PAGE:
Very Expensive Clothes

 < HABIT: Buying "cheap" clothes that are actually expensive >

I remember my high school days, going to the mall with my friends and hitting up our favorite stores: H&M, Charlotte Russe, and Forever 21. We loved the experiences - trying on tons of different trendy pieces, searching for a cute party dress, and the best part, freaking out about how cheap everything was - cheap enough to buy without feeling bad about what seemed to be a good bargain. Buying these cheap products seemed like a win, especially for us high schoolers. But the habit of buying a lot of what we deem as bargain clothes isn’t a victory in the bigger picture.

The fast fashion trend has made fashion consumption all about purchasing a lot of clothes for cheap prices, but what many don’t realize is that the clothes we buy are designed to fall apart. Fifty years ago, clothing was seen as investments - designed and produced to last for long periods of time. Similar to how we purchase and treat our laundry machines or refrigerators, consumers would buy garments that were value-driven, and wear them for many years before disposing it.

If you take a look at the graph below, our purchasing behavior has drastically changed: we now purchase clothes for much less than what they’re worth, and because of our high demand for “affordable” and trend-conscious clothing, retailers supply larger varieties of products that are lower-quality and easier to toss.  

We all have reasons why purchasing cheap clothing seems justified. As a college student, I want to be trendy, yet I rarely want to pay $20 for a t-shirt. Ultimately, we must realize that frequently buying cheap clothing has greater, deeper, and more dangerous costs that fashion brands won’t tell us.

Why This Matters

Fast fashion is creating an environmental waste crisis. Believe it or not, the fashion industry has become one of the most wasteful and dangerous industries in the world.  The industry is the 2nd largest industry polluter, after oil. Because products are being made with such cheap quality, we are more likely to dispose a large quantity of these products. Most recent statistics show that the volume of clothing Americans toss each year has double from 7 million to 14 million tons. These disposed products end up being thrown in landfills where they are unable to decompose.

 

 > New HABIT: Choose Quality in the Right Quantities <

It’s wonderful to acquire a great product. As a fashion merchandising major, I know there’s a lot of beauty and art in how we express ourselves through what we wear. But how much greater is it to consume and identify ourselves with products that do good for the world and those living in it!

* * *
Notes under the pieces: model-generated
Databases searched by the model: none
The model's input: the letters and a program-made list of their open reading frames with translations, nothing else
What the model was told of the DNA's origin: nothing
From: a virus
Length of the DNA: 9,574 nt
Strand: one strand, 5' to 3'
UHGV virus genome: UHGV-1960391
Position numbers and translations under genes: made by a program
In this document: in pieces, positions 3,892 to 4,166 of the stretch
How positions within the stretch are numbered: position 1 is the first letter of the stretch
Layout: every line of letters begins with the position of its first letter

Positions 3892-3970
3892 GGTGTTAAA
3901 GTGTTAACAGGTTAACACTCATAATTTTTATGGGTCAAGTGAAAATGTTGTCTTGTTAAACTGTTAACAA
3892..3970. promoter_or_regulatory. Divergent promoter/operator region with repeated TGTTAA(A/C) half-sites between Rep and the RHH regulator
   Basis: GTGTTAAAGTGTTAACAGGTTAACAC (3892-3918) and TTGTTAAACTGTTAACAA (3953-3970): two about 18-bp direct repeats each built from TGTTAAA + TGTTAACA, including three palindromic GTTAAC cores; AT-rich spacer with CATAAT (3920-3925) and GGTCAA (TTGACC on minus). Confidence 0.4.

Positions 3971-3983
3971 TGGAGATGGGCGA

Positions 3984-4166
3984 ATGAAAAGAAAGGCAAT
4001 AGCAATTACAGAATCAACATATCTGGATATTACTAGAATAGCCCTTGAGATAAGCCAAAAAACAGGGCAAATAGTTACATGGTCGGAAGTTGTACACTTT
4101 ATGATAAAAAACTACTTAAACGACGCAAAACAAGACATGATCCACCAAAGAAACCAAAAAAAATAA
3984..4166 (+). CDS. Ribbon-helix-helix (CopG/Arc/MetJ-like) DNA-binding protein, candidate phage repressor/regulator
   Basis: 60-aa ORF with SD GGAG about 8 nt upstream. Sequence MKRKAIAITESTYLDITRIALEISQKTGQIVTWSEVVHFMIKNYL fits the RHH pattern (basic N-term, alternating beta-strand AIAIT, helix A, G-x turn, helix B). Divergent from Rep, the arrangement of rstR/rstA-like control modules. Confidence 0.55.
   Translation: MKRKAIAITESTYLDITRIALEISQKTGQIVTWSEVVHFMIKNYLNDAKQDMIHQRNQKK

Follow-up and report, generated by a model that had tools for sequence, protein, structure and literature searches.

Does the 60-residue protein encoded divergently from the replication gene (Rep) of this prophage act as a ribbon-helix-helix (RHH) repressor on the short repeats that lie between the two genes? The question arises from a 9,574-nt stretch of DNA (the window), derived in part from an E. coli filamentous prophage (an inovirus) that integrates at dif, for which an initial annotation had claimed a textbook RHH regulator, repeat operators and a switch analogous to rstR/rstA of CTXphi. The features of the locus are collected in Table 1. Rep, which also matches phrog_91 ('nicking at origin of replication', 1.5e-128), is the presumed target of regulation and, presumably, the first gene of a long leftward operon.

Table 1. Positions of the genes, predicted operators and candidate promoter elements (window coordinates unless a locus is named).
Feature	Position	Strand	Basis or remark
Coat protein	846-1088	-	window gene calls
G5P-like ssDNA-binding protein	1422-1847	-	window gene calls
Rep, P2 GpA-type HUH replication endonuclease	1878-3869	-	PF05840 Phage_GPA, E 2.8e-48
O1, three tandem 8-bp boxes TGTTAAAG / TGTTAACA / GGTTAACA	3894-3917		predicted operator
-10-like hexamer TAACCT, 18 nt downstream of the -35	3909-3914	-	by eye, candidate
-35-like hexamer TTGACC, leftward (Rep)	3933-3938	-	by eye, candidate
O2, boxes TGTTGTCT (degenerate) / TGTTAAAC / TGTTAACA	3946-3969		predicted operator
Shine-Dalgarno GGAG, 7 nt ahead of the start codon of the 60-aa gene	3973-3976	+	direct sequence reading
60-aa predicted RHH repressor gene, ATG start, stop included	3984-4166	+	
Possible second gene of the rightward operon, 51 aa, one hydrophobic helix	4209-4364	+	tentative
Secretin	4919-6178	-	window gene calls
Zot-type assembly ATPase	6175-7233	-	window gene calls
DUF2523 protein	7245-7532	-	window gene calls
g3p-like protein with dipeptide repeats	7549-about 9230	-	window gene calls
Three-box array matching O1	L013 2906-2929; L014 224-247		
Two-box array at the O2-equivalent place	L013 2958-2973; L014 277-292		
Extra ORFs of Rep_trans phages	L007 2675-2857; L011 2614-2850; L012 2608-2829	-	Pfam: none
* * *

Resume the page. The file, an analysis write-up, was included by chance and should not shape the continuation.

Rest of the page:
Here are some ways to be conscious consumers:

  1. Know the brands you’re shopping from. The more transparent the company, the better. Seek to find quality garments from quality companies, aimed to create and produce sustainable pieces. Project Just has a great database for you to explore different brands and how they stand in terms of sustainability, product quality, labor conditions, and more!

  2. Treat garments like investments. Buying higher-quality, longer-lasting clothing is both cost efficient and better for the planet.  Higher-quality clothing from more transparent companies may have intimidatingly high prices, but if you evaluate how long this clothing will last you and the money that you save from only buying one, long-lasting piece as opposed to several short-lasting pieces, the purchase will be worth it in the end.  PopSugar gives the amazing tip of applying a cost-per-wear strategy whenever you’re purchasing items for your wardrobe.

  3. Use the buyerarchy of needs to examine your need and how to purchase clothing. There will always be events or occasions we need specific outfits for (weddings, work presentations, music festival outfits!).  But looking good and being a conscious consumer are not mutually exclusive!    

Sarah Lazarovic's Buyerarchy of Needs

Sarah Lazarovic's Buyerarchy of Needs

Through challenging myself in taking these action steps, I’ve found a lot of hope and excitement in what I wear and why I wear it;  No longer am I wearing this clothes merely to look and feel great, but also for the sake of taking part in caring for a world much bigger than I am.

As Anna Lappe once said, “every time you spend money you’re casting a vote for the kind of world you want to live in.” My question for you is: What world do you want to live in?

- Written by Gracie Leung

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